Still we rise, to remember and celebrate these lives

(The victims’ names are currently not shared due to reports of family members wishing to keep the names private.)

We remember them alongside so many fellow Asian American lives lost, and we will honor them today in our community and our joy.

My name is Alice Tsui (spelled T-s-u-i, and pronounced TSOY) and I am an actively anti-racist and decolonizing public school music educator in Brooklyn, New York. I am a lifelong New Yorker, grew up in Brooklyn [went to public school in NYC] and I am an ABC – American born Chinese daughter of two immigrants, two immigrants who are my elderly parents. I serve predominantly Black, Brown, Latinx elementary school students in Crown Heights, Brooklyn. 

In February last year, I was walking upstairs when a 5th grader stopped me and said “Ms. Alice, someone said you had Coronavirus.” I found out that it was another 5th grade student of mine who I had taught for many years. This week, a 4th grader called me “China” in my face. In those moments, I could feel my extreme rage – not at the student, but at the systems of our world that have led my students to say this. I was mad at the toxicity of systemic racism that we breathe in, and specifically – white supremacy for dividing the two Black girls who said this and me, an Asian American teacher [and woman] in this world.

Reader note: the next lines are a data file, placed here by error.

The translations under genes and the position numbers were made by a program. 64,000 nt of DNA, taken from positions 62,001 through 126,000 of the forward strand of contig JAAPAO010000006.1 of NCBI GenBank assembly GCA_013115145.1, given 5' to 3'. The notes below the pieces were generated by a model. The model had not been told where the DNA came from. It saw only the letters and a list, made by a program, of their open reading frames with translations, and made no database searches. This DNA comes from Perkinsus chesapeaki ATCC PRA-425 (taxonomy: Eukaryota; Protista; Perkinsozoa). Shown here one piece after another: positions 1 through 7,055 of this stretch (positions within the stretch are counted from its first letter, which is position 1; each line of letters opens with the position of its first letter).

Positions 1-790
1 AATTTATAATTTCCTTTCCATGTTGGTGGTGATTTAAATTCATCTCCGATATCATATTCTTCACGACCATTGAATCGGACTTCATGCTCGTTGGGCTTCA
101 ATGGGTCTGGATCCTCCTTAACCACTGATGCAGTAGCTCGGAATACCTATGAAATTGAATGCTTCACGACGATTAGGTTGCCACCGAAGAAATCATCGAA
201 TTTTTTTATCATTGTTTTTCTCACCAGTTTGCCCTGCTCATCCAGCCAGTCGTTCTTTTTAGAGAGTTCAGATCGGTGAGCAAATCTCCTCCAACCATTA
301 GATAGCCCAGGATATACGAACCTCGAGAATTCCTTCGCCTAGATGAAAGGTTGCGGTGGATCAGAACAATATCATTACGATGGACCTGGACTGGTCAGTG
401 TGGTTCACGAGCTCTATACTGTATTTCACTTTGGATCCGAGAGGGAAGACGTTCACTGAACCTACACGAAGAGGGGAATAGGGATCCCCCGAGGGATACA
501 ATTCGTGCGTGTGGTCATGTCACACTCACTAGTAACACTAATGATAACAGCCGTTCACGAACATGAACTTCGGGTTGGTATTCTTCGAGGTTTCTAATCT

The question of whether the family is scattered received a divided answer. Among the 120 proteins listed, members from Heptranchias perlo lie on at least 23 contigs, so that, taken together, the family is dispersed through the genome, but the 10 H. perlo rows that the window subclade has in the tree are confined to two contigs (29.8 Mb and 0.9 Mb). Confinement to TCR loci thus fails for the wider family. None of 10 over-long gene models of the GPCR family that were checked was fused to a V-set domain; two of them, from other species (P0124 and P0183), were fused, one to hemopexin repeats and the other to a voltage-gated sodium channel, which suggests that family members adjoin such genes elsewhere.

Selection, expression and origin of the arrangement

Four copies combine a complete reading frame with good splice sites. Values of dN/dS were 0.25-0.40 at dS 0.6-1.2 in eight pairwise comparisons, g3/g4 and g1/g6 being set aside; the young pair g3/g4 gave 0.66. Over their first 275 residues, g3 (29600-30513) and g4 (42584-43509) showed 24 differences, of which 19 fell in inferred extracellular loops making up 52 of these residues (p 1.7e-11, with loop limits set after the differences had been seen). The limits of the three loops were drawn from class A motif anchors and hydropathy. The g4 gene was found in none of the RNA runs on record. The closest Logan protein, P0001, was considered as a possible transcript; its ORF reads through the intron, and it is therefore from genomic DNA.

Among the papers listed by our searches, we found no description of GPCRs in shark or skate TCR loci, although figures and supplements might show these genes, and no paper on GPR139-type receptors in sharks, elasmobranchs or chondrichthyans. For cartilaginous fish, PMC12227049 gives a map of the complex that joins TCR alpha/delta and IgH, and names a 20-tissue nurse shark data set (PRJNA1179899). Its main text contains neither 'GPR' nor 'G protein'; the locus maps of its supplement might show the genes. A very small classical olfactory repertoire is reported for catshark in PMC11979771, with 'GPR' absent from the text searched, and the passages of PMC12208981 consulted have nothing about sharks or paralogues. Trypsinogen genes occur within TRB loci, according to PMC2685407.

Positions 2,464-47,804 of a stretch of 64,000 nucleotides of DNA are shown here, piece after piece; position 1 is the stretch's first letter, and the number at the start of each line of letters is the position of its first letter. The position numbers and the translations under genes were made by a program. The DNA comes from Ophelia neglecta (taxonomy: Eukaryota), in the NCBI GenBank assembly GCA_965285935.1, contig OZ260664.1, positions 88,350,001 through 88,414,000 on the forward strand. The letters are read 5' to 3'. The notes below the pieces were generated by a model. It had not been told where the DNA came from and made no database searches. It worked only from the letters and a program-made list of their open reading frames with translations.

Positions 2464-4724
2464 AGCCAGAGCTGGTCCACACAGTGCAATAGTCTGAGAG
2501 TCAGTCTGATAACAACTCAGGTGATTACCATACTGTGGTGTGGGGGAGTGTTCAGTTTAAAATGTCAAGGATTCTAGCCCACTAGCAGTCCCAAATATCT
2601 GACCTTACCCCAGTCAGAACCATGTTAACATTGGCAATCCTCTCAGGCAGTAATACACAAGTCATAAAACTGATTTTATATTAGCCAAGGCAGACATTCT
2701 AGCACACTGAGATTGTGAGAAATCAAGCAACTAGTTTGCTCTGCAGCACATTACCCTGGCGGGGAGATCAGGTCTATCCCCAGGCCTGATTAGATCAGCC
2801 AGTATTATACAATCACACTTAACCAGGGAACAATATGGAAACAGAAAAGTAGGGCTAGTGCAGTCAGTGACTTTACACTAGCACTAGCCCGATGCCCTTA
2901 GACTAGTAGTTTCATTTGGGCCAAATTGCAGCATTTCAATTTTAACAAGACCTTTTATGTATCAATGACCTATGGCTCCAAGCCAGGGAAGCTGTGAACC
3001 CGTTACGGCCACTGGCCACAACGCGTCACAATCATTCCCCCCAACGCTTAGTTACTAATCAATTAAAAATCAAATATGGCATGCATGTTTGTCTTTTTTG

A month ago, when I started to see the rise of anti-Asian violence yet again, but this time specifically against elderly people, I discussed anti-Asian racism with my fourth grade class. One of my 4th graders, a Black boy, told me “It [Asian hate] won’t be on the news until there are more people who die.” What does this say about what my Black and Brown students have already internalized about our society? I saw this same student this week who said “it’s on the news now”, but I reminded my students that it is important to question how the story is told, who is telling it, and what isn’t being said. Another 4th grader asked me if my parents were vaccinated and I said yes, they are, but I am scared for them to be outside and so I ask them to stay home as much as possible – because they’re Asian. 

These are a few of the many, necessary conversations on race and racism that must occur in ALL schools – elementary, middle, and high schools. My call to action to you, everyone here, is to find the emails of the principals and teachers that either you, yourself, have gone to, are connected with, or are in the neighborhoods you live in, and not just the Asian neighborhoods.

These are the demands that are listed out in a letter I have already written and are available in a letter with resources at bit.ly/aapilettertoschools 

  1. Acknowledge and teach Asian American history, lives, and arts – including and beyond Lunar New Year
  2. Create mental health spaces for AAPI educators and children to feel, process, and heal without the burden of educating others on [their trauma] and what racism is
  3. Empower classmates and colleagues of AAPI community members to learn and speak against anti-Asian racism

Our children are counting on you.